Now, many people involved in creative work (including myself) have accepted the demands and letdowns of such a life. They would not give it up permanently for anything (almost). I say “almost” because generalizations of this kind tend to prove false at some point.

That leads to the first question: why don’t people want to allow creativity its idiosyncrasy? In each person it takes a different form, and each person practices it in a different way. There are certainly good habits (such as regular practice), and conditions that can make those habits fruitful. But where one person may work best in a dim light, with no sound, another may prefer brightness and music in the room. One may work regularly, in the mornings; another may snatch time whenever it comes. Moreover, there are probably as many kinds of creativity as there are personalities; the creation of a sonnet is profoundly different from the creation of an advertisement, even though both work within constraints of time and space.

Thus I was puzzled last month to see a New York Times article suggesting that the buzz of a cafe can boost creativity. It cites a study in which subjects brainstormed product ideas with varying levels of background noise. Now, why would anyone equate “brainstorming” (especially of ideas for products) with creativity overall? Certain kinds of ideas may come more easily when there is a background hum–but that does not apply to all ideas, nor is idea generation the whole of creativity. Some writers spend part of their writing time in a cafe, among others, and part of it alone. Some prefer to spend all of their writing time alone (but take in conversations and sounds when out on a walk).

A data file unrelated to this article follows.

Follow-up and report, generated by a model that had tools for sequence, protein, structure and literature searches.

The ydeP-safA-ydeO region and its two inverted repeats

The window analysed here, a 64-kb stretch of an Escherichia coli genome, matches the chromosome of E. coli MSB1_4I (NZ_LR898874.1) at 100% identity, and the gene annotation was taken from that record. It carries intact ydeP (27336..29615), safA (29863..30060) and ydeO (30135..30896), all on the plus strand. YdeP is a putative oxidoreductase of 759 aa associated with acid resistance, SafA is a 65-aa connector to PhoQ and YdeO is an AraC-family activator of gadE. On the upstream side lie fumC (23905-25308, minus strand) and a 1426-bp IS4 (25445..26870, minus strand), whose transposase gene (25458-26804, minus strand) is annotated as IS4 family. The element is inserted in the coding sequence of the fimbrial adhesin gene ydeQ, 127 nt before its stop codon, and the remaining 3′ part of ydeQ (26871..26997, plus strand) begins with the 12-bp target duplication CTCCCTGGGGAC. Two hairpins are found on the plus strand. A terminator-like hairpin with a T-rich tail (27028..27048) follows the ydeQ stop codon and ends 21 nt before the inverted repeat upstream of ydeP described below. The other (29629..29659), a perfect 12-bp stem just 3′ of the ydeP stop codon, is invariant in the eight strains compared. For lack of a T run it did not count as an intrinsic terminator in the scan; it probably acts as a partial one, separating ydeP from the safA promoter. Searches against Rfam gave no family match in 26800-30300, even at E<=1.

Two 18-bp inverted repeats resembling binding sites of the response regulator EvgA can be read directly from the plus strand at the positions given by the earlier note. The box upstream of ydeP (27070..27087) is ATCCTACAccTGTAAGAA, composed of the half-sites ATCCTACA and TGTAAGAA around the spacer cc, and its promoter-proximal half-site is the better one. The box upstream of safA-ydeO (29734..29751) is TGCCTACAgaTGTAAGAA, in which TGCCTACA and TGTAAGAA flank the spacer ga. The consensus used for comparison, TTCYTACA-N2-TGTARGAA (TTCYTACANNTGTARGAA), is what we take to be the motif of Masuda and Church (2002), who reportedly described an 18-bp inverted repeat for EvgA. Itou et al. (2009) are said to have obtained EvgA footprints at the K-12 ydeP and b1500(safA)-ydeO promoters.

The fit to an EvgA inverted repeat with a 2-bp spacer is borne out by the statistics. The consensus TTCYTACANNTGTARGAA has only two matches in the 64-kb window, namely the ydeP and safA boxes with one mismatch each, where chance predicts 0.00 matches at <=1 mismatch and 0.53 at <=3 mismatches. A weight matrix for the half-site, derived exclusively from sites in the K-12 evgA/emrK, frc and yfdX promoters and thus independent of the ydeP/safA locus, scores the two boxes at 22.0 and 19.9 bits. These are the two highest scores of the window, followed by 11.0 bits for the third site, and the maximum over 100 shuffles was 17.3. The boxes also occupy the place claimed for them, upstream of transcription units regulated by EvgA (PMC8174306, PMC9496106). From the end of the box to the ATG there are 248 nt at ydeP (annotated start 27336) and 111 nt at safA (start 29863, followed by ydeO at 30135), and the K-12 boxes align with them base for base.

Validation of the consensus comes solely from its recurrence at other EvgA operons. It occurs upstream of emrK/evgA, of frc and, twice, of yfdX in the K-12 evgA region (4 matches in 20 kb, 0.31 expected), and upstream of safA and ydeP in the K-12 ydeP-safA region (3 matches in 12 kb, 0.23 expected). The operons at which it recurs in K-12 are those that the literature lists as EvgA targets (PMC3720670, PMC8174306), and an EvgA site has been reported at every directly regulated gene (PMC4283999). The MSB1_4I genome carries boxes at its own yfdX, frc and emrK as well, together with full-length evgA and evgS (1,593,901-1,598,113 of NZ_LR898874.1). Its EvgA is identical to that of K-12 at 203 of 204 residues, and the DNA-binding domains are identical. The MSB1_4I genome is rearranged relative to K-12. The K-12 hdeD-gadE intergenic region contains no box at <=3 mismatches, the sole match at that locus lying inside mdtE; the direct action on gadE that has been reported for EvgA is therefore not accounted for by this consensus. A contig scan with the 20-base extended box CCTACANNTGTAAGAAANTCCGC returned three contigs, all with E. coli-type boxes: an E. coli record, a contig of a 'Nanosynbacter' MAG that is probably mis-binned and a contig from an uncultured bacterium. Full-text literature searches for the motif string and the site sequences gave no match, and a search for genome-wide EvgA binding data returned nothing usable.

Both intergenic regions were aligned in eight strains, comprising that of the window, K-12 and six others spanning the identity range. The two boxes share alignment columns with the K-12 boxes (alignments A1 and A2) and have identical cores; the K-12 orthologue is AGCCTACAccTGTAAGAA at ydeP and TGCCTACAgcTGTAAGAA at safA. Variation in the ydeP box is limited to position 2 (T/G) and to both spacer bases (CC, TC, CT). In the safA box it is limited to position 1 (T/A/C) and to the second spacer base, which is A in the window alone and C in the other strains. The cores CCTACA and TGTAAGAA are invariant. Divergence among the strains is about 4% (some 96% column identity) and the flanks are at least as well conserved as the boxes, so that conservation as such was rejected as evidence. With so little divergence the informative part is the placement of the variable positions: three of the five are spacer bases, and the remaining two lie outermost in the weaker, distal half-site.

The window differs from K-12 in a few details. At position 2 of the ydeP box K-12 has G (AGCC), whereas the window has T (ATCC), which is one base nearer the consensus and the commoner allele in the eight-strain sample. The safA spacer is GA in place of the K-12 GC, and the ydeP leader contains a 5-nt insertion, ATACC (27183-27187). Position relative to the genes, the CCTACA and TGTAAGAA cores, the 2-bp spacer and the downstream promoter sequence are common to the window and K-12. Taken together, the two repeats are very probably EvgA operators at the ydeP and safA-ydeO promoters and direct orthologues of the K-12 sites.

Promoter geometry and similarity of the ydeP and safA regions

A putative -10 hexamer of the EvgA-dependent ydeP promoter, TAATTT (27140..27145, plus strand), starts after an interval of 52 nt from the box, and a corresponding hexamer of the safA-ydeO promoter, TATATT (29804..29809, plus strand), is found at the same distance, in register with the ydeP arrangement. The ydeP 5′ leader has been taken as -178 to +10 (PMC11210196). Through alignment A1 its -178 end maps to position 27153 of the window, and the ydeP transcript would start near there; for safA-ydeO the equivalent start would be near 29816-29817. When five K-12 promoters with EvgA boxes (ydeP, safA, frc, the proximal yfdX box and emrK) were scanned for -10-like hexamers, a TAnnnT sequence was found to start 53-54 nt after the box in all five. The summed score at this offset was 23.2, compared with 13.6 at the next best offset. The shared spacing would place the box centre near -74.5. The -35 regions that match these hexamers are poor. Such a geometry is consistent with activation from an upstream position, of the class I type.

Granted, one can learn interesting things from such studies, if one puts them in proper perspective. Annie Murphy Paul cites and discusses a study (originally published in Creativity Research Journal) suggesting that those who show creativity are marked (in the interpretation of cognitive psychologist Scott Barry Kaufman) by “a tolerance for ambiguity, complexity, engagement, openness to experience, and self-expression.” Paul speculates that these qualities may account for the “flaky artist” stereotype. An artist (or other seriously creative person) may be inherently “flaky” in that he or she works flexibly with a range of possibilities and projects.